Directed by: Lee Hirsch.
Bullying has reached epidemic proportions in America – and around the world. I have lost count of how many stories there have been in the last year where a teenager has ended their own life just to get out from underneath the constant harassment and torment they go through at school – or on the internet. The problem is not just the bullies themselves – but the adults around them who do nothing. `Kids will be kids`, `They have to learn to deal with it themselves` are among the things most often said. School administrators complain their hands are tied – there is nothing they can do, because they simply do not have the evidence. Bullies are not stupid – they aren’t going to break someone’s arm, or leave them bloody. But the constant harassment, threats and intimidation can be far worse than the physical injuries sustained.
What the new documentary Bully succeeds at doing is putting a human face, not on the bullies, but the victims. You do see a few bullies – mainly in passing on the bus tormenting one of the subjects, Alex, of the documentary, or most memorably in a scene where a clueless vice principal makes two boys shake hands. One kid immediately sticks out his hand with a smile on his face, the other refuses, and gets a lecture from the principal. The boy tries to explain – that other boy is his tormenter, so no, he doesn’t want to shake his hand, at which point the vice principal, amazingly, tells the kid that he’s just like his tormentor – because by not shaking his hand, he is hurting his feelings, just like his feelings are hurt whenever the boy torments him – which appears to be daily. But hey, boys will be boys.
The stories that the victims of bullying in the movie tell are heartbreaking. There is Alex, who is a little strange to be sure, but also sweet, but whose bus ride every day is caught on hidden camera, and the result fairly shocking – getting punched, stabbed with pencils, having his head slammed into the seat, being called countless names and suffering other abuse. The bus driver doesn’t pay attention, and the other students cheer it on. Then there is Kelby, who was once a popular female athlete, who came out as gay, and immediately found herself ostracized from her small Oklahoma town. And Ja Meya, who was so distraught at constantly being bullied on the bus that she does the unthinkable – and brings a gun on the bus, and although she doesn’t fire a shot, is still in deep legal trouble. What she did was wrong – incredibly wrong – but yet you can see why she did it. There are also a few heartbreaking stories from the parents of teens who killed themselves as a result of bullying – and their efforts to have someone, anyone, listen to them – because the schools certainly do not care.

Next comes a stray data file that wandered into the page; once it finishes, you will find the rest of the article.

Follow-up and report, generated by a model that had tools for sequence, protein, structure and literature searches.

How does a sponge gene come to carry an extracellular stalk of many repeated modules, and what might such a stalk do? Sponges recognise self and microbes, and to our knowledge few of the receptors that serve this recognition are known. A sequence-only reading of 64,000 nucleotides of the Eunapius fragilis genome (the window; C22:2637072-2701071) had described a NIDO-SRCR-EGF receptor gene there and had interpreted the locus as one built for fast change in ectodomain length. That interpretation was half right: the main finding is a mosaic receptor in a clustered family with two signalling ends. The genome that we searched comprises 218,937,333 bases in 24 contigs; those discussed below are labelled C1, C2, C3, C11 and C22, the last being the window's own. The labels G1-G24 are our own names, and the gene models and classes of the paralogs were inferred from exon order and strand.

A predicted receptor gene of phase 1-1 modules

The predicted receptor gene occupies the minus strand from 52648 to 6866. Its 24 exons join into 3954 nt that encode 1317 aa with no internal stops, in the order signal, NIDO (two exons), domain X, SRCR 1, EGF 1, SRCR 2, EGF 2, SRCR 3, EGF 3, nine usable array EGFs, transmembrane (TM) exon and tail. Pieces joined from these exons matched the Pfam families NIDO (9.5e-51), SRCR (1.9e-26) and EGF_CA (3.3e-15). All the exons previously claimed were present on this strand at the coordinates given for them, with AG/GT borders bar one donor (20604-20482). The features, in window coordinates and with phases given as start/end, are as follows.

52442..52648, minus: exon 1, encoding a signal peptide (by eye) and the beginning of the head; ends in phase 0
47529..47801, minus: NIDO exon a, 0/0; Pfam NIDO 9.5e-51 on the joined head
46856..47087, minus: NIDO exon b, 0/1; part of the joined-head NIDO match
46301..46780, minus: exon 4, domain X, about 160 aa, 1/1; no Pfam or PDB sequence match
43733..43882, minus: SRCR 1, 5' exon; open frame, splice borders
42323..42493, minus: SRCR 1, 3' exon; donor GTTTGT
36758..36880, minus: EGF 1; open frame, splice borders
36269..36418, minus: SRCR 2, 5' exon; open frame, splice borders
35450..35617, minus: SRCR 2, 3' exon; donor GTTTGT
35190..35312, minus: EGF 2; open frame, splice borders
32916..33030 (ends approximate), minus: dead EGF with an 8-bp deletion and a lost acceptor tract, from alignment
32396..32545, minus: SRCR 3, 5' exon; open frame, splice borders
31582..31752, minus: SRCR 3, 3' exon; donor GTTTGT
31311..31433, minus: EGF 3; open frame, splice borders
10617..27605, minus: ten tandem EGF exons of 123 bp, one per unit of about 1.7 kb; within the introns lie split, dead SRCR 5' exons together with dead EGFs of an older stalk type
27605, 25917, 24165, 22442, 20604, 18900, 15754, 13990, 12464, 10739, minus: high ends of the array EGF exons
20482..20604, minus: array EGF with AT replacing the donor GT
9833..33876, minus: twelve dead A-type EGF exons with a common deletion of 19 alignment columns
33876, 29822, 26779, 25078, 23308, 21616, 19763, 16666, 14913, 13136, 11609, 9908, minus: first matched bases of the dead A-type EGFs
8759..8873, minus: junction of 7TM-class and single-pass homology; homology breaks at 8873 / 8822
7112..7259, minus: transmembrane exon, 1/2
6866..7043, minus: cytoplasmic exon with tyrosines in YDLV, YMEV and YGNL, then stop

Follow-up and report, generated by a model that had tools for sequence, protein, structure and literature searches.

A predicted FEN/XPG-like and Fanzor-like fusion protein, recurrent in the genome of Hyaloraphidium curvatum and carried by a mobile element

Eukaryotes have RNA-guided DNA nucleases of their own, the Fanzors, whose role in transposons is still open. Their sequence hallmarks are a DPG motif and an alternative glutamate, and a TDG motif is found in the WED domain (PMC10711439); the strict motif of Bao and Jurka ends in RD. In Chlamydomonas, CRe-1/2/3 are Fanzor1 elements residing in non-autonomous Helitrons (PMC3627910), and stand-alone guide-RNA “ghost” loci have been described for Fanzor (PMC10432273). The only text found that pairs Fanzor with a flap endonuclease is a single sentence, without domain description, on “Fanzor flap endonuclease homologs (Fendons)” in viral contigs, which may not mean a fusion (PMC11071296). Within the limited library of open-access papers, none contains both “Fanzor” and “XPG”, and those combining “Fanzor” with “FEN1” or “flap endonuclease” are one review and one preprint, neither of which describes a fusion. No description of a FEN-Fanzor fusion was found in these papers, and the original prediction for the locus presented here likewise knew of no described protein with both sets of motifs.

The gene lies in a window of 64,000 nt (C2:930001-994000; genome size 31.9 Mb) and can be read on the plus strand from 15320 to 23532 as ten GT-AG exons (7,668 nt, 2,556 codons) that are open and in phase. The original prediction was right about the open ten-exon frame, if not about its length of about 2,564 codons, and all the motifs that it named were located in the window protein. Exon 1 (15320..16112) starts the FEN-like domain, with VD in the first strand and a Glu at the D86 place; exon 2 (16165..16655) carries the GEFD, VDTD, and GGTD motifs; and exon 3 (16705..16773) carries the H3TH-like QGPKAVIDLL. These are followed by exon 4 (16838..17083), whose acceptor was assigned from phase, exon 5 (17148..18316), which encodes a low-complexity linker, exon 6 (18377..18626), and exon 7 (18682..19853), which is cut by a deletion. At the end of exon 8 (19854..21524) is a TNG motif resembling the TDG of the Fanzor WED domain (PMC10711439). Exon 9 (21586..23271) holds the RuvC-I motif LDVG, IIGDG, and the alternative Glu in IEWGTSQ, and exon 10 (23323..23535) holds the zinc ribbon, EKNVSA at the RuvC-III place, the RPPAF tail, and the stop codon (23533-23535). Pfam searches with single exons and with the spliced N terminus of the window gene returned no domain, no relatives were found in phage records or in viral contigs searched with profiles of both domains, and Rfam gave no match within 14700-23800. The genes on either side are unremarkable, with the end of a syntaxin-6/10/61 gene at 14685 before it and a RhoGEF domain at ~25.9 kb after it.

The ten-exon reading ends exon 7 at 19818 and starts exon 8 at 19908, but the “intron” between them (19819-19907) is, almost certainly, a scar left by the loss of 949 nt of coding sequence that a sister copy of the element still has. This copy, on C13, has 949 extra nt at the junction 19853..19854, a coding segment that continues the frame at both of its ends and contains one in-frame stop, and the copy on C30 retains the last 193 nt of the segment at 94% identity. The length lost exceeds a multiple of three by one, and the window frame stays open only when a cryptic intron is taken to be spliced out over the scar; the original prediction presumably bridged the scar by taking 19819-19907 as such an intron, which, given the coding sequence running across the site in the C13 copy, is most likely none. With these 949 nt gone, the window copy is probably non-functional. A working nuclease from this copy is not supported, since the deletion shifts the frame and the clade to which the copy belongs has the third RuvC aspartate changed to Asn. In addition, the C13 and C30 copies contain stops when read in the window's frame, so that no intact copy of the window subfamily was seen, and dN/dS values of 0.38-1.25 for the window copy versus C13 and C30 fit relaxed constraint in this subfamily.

Bully is not a great documentary, but it a heartbreaking one. I would have preferred if they had been able to talk to any of the bullies at some point, and explored the causes of bullying. Perhaps none wanted to participate. The movie is most effective in its first hour when it tells the stories of the victims of bullying, and how they get through day after day. The last half hour lays it on a little thick – and advocates a wonderful idea in theory – that everyone needs to respect each other – that has no chance of working in the real world. And yet, I hope Bully does have an impact in the real world – that the bullied will realize that they are not alone, and they can get through it, and the bullies see what they are actually do to their victims – and that it isn’t funny, or just a joke. And that perhaps schools will start to this seriously, so more kids do not feel so hopeless that they take their own lives. O hope this movie helps that – but I have a feeling it won’t.